I had to clean out her car, which was so full of stuff that it took me five hours to clean. I filled five large garbage bags of trash and 12 boxes of stuff.
I have had to "clean up her mess" many times over the years, sometimes at my insistence, and sometimes because she needs to let someone into her apartment and they can't get in because of the mess. Clothes are piled on the bed, groceries on the counters and boxes on the floor.
My daughter, who has helped me clean in the past, has very good organizational skills and works quickly. She has agreed to help me this weekend. (I have a sister who lives locally but isn't very helpful.)
In the past, Mom has told me that my cleaning makes her anxious.
Should I insist she let us do this? Mom's apartment makes me sick, and I feel so overwhelmed when I am there because it is so bad. I have trouble sleeping because it bothers me so much.
I have tried to get her counseling in the past, but she went to only a few sessions.
If I clean now, it would be on my terms. If I don't force it now and something comes up with her apartment or health, I would be forced to clean it immediately.
She procrastinates until things become urgent; then she makes me deal with this urgency.
I want to honor my mother and also be the responsible daughter. Any advice?
— Loving Daughter
Loving Daughter: At the age of 90, your mother is probably not going to make dramatic steps to change. She might not be physically and emotionally able to deal with her hoarding disorder in any substantial way. (Hoarding seems to be related to anxiety, and — longer-term — you should ask her primary care physician about appropriate anti-anxiety medication that might help.)
Because you seem to be her primary caretaker, I suggest that you take this on — on your terms.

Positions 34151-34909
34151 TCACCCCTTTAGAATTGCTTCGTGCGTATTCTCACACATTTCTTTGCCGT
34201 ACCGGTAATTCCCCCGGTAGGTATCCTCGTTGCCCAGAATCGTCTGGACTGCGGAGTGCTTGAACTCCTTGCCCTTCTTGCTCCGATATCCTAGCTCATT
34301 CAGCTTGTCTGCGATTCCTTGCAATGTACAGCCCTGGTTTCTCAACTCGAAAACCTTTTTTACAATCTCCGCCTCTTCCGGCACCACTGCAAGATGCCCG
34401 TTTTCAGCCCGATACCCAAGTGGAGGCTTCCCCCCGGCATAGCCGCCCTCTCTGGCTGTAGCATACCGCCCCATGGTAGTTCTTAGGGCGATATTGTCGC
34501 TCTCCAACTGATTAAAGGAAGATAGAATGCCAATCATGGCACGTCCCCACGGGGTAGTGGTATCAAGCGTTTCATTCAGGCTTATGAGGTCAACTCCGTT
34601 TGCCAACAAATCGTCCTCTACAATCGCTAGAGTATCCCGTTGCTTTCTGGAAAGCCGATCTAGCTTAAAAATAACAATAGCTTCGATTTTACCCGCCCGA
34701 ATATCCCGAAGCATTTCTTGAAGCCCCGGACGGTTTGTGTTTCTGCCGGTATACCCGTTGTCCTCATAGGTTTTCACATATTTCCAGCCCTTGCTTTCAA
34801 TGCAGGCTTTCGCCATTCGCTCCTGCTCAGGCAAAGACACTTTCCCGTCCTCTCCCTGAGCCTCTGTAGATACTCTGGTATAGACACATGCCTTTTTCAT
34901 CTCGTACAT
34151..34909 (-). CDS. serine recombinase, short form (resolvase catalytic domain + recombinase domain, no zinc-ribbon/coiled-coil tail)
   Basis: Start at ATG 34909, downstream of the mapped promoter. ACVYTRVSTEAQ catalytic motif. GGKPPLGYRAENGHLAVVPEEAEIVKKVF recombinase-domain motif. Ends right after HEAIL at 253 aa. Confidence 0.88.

Ask your sister if she can take your mother on errands/outings for the day. Tell your mom that you and her granddaughter are going to handle this for her, and reassure her that when she returns, her home will be much easier for her to navigate. If your mother isn’t in the space and is instead distracted during the day, she might feel less anxious.
Dear Amy: In the past two years, I have given monetary gifts for graduations, birthdays, a bridal shower and a wedding.
I have not received any acknowledgment or thanks for these gifts.
At this point, I would settle for two words in a text message: "Thank you."
Do young people feel so entitled that acknowledging a gift is not necessary?
One of the recipients is now pregnant and her mother-in-law is throwing a baby shower.
Of course, I'll be invited. I don't want to go.
Friends have told me that I am being petty. Am I?
— Petty in Maryland
Petty in Maryland: You don’t seem petty, as much as worn out. And I don’t blame you. A natural consequence of this lack of appreciation is that you will be less inspired to keep giving.
My only caution here is that baby showers are intended as celebrations centered on a new baby, who is obviously innocent.
I think it is also time to contact the recipients of these gifts to tell them, “I believe I’ve been generous to you, and I’ve always been happy to celebrate your milestones with gifts. But you have never acknowledged or thanked me for a gift. I’m not sure why this is, but it is quite discouraging.”
Dear Amy: "Tom, in Los Angeles" expressed extreme distress in where this country is headed. I have to say, I was shocked (pleasantly) by your response. Your first line got me: "I think you should celebrate the freedom we each have to either launch an insurrection, or go to the movies."
— A Fan
Fan: Thank you. I’m a huge movie buff — but I also love a good insurrection. Onward!
2020 by Amy Dickinson distributed by Tribune Content Agency